Shannon Airport to put new firefighters through their paces after major investment

After what was described as an "exhaustive selection process", 500 applicants has been reduced to 10.

Shannon Airport to put new firefighters through their paces after major investment

Shannon Airport has become the first airport in Ireland to take delivery of two new state-of-the-art High Reach Extendable Turret (HRET) fire tenders.

After what they described as an "exhaustive selection process", 500 applicants has been reduced to 10.

The 10, who are aged in their 20s and 30s, as they train for the combined role of airport police and fire personnel.

The group will undergo an "intensive" 12-week training programme which will equip them to begin work in.

Pat O’Brien, Chief Officer Fire & Rescue, Airport Police Fire Service, Shannon Airport says the mid-west is benefiting from the latest technology:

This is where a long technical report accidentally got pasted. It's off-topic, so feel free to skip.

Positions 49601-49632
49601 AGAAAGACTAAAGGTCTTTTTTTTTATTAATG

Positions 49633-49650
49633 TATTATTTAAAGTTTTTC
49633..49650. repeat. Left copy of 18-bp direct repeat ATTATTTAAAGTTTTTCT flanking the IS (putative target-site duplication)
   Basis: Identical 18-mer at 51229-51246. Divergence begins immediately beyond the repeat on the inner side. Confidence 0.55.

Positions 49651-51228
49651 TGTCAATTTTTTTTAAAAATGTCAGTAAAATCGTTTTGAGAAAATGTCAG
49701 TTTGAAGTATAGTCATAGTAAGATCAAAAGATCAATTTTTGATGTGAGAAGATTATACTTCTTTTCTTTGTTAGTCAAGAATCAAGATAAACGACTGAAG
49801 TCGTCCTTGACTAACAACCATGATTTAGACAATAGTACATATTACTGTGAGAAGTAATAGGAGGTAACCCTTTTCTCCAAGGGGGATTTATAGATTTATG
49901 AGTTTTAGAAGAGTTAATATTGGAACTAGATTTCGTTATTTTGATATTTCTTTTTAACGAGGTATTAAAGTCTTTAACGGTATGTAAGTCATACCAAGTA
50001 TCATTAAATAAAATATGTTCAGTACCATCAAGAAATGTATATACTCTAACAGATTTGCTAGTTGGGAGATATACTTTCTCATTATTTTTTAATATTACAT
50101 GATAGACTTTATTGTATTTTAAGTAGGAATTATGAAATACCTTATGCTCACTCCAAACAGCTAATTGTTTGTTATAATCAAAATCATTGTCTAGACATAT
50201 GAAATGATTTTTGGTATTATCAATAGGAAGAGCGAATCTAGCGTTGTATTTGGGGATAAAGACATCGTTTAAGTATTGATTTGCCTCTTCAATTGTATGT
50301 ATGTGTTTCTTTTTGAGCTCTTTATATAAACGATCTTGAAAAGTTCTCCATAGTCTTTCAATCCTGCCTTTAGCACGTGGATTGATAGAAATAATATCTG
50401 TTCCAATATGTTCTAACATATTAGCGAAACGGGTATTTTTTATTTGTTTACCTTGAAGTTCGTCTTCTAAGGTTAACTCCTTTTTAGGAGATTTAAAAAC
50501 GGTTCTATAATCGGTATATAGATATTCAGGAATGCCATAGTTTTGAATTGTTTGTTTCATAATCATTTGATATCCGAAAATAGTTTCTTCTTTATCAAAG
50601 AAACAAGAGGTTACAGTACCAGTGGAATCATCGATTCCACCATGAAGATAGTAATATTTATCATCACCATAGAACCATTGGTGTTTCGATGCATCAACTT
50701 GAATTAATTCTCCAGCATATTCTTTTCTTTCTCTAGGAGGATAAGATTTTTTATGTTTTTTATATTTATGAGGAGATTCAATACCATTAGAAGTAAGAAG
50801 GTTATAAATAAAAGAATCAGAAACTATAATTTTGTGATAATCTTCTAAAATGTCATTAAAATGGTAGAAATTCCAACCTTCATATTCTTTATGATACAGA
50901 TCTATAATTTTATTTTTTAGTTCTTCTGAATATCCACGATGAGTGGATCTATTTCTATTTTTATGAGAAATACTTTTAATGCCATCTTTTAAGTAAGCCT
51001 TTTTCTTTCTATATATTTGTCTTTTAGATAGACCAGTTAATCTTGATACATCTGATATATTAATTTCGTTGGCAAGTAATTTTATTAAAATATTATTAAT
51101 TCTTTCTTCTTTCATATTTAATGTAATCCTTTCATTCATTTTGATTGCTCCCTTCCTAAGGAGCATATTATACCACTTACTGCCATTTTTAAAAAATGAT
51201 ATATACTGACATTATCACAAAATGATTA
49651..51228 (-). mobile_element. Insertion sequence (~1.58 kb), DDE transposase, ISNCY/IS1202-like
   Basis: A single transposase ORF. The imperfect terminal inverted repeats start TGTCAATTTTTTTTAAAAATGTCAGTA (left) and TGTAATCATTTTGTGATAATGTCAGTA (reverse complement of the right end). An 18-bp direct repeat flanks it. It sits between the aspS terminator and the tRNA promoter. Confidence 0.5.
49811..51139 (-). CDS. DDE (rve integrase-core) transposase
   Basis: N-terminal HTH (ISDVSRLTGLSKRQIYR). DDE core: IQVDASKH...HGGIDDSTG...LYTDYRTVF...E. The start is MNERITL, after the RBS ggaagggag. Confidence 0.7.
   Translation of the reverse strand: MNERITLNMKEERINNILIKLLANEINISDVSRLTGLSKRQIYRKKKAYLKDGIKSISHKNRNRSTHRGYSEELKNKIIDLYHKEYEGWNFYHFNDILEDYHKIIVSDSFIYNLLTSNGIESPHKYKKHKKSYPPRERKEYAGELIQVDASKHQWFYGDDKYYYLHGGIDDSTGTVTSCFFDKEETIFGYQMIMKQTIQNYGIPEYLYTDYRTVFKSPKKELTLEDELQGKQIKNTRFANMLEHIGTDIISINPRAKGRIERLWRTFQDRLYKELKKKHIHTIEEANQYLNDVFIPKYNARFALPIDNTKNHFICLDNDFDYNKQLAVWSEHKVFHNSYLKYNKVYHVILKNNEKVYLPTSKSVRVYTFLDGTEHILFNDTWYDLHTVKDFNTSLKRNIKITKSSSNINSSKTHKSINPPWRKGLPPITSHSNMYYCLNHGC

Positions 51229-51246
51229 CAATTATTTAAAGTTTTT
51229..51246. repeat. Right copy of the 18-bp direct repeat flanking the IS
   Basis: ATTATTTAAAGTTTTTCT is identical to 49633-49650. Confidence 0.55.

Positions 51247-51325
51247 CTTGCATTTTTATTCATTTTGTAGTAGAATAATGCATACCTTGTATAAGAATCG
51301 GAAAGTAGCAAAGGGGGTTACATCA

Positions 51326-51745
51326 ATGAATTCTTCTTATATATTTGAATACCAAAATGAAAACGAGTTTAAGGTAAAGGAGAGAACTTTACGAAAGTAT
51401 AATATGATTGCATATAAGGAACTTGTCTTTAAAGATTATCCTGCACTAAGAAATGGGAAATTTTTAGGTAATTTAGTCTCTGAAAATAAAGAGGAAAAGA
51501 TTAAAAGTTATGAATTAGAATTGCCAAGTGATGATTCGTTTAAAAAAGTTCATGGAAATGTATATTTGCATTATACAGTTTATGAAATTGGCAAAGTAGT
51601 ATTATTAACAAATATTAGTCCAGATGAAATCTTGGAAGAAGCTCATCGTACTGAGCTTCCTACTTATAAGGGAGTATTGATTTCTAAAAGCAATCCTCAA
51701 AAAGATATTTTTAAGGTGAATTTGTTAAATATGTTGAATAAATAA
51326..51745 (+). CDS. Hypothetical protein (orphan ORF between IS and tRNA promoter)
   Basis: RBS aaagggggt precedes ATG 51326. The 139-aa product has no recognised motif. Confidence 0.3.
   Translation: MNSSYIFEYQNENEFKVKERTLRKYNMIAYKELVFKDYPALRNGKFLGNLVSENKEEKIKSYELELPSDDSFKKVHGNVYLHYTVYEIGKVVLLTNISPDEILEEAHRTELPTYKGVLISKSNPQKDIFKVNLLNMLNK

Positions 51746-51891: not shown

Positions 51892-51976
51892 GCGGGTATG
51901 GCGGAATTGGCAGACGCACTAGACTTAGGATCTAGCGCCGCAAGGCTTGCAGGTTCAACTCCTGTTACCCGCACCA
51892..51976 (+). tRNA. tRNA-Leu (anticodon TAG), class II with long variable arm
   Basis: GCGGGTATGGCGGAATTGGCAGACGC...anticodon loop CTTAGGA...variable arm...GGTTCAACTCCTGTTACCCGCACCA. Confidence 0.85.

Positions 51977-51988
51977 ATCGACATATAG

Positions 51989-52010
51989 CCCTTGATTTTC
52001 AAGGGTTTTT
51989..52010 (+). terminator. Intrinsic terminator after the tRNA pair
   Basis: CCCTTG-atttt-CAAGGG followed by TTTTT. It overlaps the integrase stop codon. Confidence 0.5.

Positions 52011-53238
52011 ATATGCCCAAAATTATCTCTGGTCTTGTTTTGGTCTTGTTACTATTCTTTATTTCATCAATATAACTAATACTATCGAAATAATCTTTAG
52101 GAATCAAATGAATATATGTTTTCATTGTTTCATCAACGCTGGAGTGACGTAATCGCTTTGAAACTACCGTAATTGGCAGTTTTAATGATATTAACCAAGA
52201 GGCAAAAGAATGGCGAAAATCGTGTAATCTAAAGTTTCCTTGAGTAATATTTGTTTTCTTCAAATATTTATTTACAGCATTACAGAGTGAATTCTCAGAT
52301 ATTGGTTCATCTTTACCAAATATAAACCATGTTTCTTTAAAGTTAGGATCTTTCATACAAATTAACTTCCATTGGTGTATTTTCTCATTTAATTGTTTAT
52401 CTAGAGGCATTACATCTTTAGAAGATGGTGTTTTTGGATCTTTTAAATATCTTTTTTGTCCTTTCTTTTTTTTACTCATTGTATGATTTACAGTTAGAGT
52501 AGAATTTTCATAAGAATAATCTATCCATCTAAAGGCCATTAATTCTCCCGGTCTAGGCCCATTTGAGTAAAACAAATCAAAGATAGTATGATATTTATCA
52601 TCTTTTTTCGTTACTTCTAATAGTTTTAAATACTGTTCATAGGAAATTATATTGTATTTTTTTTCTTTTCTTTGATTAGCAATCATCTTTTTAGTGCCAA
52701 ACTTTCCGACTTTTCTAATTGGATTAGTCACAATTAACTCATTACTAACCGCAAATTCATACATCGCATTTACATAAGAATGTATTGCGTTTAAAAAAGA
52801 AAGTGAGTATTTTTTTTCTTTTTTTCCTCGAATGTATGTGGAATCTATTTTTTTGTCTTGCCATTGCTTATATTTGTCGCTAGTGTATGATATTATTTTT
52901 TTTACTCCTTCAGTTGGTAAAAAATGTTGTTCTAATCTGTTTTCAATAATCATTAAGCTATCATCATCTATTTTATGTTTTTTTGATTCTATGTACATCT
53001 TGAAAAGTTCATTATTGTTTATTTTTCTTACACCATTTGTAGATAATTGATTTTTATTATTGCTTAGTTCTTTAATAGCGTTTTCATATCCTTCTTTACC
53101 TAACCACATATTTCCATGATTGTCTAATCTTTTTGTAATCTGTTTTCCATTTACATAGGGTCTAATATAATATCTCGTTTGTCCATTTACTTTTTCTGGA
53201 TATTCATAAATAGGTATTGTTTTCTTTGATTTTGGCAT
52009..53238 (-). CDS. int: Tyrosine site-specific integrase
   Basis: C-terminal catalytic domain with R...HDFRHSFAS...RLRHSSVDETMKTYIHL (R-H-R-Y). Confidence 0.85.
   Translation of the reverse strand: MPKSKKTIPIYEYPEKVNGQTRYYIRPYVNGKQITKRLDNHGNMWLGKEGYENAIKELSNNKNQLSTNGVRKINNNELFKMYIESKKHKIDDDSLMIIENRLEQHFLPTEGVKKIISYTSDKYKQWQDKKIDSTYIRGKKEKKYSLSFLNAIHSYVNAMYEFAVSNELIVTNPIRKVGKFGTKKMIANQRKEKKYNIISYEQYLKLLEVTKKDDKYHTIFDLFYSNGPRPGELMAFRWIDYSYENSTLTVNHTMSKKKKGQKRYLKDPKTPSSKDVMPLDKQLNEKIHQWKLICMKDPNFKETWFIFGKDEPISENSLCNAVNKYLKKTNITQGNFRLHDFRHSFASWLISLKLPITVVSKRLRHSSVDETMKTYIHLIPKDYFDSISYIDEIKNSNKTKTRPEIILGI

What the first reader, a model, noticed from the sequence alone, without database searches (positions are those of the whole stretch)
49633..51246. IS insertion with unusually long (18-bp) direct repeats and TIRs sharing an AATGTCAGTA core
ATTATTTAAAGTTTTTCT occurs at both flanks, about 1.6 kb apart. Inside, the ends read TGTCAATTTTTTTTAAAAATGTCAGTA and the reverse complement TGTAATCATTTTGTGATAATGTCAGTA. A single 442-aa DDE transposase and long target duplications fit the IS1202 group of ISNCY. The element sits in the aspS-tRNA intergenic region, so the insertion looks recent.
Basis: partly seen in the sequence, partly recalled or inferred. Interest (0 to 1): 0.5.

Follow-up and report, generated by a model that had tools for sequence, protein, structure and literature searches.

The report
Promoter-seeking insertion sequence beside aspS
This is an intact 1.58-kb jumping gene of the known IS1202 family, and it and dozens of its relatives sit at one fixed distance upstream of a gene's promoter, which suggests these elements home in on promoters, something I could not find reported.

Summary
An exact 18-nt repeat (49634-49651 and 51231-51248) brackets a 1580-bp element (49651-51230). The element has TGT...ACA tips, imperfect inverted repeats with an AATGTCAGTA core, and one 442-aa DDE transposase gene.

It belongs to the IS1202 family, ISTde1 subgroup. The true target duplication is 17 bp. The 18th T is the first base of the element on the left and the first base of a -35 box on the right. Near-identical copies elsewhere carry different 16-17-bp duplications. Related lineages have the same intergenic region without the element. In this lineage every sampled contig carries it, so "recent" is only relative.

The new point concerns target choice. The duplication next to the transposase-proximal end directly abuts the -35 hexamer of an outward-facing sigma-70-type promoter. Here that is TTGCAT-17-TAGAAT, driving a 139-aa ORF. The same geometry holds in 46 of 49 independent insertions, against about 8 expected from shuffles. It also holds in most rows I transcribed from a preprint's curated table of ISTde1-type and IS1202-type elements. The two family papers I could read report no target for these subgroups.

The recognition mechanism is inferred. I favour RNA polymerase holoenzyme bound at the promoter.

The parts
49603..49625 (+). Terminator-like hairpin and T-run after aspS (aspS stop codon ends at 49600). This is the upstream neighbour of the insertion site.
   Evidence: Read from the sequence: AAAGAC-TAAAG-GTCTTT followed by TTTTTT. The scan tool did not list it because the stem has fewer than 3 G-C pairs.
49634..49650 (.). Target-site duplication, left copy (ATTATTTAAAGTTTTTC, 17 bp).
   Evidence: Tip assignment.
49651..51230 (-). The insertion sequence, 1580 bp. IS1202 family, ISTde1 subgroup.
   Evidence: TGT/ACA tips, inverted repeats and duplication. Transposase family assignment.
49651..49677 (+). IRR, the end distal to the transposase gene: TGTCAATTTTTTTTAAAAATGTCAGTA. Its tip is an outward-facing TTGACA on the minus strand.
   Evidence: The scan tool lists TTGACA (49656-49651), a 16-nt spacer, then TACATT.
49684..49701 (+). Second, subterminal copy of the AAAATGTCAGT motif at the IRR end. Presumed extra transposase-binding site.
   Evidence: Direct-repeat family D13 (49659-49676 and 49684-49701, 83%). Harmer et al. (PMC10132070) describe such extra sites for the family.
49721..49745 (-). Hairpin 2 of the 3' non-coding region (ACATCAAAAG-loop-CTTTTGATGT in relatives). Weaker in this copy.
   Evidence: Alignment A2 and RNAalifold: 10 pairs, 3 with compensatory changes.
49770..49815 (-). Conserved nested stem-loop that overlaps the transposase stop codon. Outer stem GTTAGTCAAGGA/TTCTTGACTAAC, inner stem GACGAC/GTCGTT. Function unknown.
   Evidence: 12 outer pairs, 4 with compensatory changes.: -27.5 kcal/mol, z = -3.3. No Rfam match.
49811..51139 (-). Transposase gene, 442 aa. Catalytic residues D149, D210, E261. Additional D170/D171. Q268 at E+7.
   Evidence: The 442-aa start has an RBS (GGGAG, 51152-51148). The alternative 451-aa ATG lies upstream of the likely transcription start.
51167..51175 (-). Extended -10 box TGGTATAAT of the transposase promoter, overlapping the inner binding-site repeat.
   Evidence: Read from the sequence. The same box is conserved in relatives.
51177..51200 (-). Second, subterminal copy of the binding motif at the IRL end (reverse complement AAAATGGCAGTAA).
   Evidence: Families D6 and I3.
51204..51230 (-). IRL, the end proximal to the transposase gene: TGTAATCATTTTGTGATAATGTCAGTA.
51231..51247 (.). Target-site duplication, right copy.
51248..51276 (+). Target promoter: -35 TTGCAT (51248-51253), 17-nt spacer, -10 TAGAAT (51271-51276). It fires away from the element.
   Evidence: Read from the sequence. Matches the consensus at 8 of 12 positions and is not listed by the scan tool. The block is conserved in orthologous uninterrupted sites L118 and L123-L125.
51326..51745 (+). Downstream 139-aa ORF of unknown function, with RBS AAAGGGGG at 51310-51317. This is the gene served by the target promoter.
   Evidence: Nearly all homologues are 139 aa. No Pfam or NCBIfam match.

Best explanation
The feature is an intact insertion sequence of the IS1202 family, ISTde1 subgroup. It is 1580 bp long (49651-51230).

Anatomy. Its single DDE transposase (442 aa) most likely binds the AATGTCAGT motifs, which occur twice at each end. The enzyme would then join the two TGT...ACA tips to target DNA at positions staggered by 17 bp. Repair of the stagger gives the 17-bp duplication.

“It is a new era for the Airport Police and Fire Service in Shannon and we are looking forward to the recruits entering the service.

"Their training programme is intensive and has benefitted hugely from significant investment in the very latest technology and training aids. Over 500 people applied for just ten positions, which is a testament to the calibre of the team we have assembled," he said.

“Our recruits come from all walks of life, including a painter, a panel beater, strength and conditioning coach and paramedic," he added, pointing out that the recruits have come from all over the country.

Mr O'Brien explained the importance of the investment.

“Conventional fire tenders require that firefighters be put into the risk area to fight aviation fires. However, the new HRET appliance reduces this requirement as fires can be extinguished remotely by operating the HRET from the vehicle cab, allowing the application of water, foam and dry chemical directly to the seat of the fire.

“The new fire tenders use cutting edge technology and will be equipped with a thermal imaging camera mounted on the HRET to allow firefighters identify the hottest part of the aircraft, key vital knowledge that is needed to suppress and extinguish aviation fires as quickly and efficiently as possible," he added.

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